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Joby Fleming (by phone for items on Dec. 7 and 8)
Mary Frances Laughton (Dec. 8)
Donna Pletz Passey
Deborah Tunis (Dec. 7)
Paul Whitney, Chair
Annik Beaudry, Canadian Heritage (Dec. 8, replacing L. Guertin)
Ralph Manning (Dec. 7 p.m.)
Pauline Myre, Office of Disability Issues, HRDC (Dec. 7)
Carol Smale (Dec. 7 p.m.)
Nathalie Toppin, Canadian Heritage (Dec. 7, replacing L. Guertin)
Joby Fleming (in person)
James E. Page
Opening Remarks, Friday Dec. 7
Paul Whitney, Chair of the Council, welcomed all members to the third meeting of the Council. He presented two new members, Deborah Tunis, Director General of the Office of Disability Issues (ODI) and Gaëtan Lévesque, Éditions XYZ, and expressed the regrets of members Bob Fenton and Joby Fleming (who would join the Council by phone), Donna Achimov, Louise Guertin, James Page and Mary Frances Laughton. To ensure that everyone knew all the members, a tour de table followed.
Discussion and Adoption of the Agenda (CAPC-3-01-A)
P. Whitney briefly outlined the work of the two days and asked for additions or corrections to the Agenda. As there were no additions, the agenda was adopted as distributed.
Adoption of the Minutes of the Meeting held on May 27-28, 2001 and discussion of their status (CAPC-3-01-B)
As there were no comments, the minutes were adopted as distributed.
Before calling on the Council members to make their reports, the chair expressed his gratitude for all the work that had been conducted since the last meeting. He pointed out that follow-up on a number of recommendations had taken place; these achievements would become evident during the meeting.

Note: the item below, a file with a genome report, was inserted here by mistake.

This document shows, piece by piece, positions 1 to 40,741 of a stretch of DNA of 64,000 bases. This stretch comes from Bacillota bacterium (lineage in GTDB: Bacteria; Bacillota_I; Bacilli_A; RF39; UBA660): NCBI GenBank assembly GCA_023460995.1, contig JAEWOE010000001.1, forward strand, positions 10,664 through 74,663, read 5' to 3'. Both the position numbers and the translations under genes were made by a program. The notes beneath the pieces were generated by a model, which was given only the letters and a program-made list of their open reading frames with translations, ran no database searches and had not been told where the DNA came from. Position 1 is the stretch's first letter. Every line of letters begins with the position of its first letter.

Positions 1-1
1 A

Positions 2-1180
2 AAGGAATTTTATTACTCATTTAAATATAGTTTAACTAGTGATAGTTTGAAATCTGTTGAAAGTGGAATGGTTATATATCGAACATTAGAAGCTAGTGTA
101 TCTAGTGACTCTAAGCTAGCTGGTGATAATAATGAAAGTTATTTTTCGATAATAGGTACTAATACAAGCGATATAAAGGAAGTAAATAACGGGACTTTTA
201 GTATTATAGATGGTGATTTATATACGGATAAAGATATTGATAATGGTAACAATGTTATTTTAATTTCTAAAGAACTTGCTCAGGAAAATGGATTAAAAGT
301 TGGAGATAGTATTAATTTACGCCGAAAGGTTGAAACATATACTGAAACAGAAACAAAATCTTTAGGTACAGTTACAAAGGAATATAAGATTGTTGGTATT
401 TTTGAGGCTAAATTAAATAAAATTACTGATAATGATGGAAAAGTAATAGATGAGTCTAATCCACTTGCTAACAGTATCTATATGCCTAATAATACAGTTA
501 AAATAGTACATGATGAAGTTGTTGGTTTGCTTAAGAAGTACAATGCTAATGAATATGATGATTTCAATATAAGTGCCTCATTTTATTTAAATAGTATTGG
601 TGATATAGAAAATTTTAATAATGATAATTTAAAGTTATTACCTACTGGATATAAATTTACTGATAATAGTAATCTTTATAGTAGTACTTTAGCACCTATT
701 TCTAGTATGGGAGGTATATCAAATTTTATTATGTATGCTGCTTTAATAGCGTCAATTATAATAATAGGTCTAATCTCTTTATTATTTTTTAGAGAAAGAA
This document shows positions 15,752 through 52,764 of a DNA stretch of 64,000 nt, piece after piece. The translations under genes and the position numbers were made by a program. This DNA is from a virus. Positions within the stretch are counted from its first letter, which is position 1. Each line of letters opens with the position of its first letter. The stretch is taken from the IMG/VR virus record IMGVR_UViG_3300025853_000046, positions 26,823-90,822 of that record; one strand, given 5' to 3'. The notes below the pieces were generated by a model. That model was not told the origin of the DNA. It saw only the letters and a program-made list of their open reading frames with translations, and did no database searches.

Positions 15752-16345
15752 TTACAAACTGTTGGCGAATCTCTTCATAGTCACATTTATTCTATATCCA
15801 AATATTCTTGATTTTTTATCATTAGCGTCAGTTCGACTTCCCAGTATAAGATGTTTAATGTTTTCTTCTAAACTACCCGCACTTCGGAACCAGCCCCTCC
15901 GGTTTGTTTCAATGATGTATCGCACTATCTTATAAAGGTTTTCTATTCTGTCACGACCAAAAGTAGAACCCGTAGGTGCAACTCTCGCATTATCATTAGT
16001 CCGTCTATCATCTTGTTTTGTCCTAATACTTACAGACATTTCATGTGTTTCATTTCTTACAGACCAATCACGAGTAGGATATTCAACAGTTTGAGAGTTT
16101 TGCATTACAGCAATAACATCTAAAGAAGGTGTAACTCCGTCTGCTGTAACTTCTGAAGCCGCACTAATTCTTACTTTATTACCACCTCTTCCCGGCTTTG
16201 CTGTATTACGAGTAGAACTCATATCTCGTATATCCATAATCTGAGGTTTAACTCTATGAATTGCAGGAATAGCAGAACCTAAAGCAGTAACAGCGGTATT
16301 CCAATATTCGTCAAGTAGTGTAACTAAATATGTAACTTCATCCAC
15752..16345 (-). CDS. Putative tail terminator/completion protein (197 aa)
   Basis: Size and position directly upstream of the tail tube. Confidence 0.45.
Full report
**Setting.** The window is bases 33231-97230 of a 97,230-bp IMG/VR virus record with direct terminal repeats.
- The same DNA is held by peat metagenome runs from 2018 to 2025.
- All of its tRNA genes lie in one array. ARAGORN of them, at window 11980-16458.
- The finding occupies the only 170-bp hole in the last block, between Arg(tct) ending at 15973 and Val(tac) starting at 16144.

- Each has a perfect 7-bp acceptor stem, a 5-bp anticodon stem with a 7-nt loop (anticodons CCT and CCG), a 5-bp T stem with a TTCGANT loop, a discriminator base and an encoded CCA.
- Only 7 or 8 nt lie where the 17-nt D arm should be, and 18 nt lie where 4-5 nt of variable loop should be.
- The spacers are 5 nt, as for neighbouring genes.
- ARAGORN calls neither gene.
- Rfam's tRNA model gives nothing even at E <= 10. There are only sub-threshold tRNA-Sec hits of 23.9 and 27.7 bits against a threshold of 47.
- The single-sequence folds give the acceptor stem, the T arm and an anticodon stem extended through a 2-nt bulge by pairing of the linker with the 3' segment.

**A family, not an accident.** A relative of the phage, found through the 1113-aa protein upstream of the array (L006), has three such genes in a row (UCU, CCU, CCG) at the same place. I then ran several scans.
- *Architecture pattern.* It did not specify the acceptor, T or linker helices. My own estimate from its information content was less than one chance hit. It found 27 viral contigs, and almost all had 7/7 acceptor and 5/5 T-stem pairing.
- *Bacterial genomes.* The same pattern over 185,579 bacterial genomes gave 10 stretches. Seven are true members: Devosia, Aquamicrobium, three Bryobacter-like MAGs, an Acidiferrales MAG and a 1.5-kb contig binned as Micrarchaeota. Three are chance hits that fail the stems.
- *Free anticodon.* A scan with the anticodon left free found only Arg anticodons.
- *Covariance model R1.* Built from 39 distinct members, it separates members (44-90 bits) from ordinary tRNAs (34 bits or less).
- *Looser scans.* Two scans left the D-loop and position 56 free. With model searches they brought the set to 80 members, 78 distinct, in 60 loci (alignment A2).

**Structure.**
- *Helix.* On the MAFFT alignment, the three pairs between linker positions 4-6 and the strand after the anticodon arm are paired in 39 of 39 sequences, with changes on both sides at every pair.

Committee on the Clearinghouse of e-text Masters
In the absence of M.F. Laughton, M. Smith presented the report on the clearinghouse of electronic master files. At the annual meeting of members of the Association of Canadian Publishers (ACP) in June, M.F. Laughton and M. Smith had met with a committee of educational publishers to present the findings of the Task Force report and to explain the purpose and nature of the clearinghouse. A follow up meeting with two publishers was expected in October but it had to be cancelled. This meeting will take place early in January. It is expected that each publisher will choose one book to put through the clearinghouse process as a pilot project. This will allow the publisher, the repository and the alternate format producer to test out procedures and experiment with what works best from technical and management perspectives and most securely for issues relating to rights management.
In the meantime, the Association has been monitoring research and development on e-books and has had connection with Instantaneous Links, a private manufacturer.
P. Whitney added that members of the Council (P. Whitney, E. Gayda, A. incent) and G. Evans had met with R. Bouchard of Canadian Heritage to explore possibilities for funding for retrospective conversion of publishers' titles. They learned that the Canadian Digital Cultural Content Initiative did not consider that the digitization of back files met the criteria of the program. For one thing, one condition for accepting Canadian Heritage funds was that the product must be presented free to the public.
R. Bouchard urged the Council members to identify the standards needed to ensure that digital content from other sources was accessible to print disabled Canadians. Therefore, a second summer meeting was held with Canadian Heritage, Industry Canada Assistive Devices Industry Office and staff from the National Library to discuss what standards the guidelines for grants should include. Canadian Heritage has accepted the recommendations of the group at this meeting, both for the portal and for those receiving monies to create individual digital products.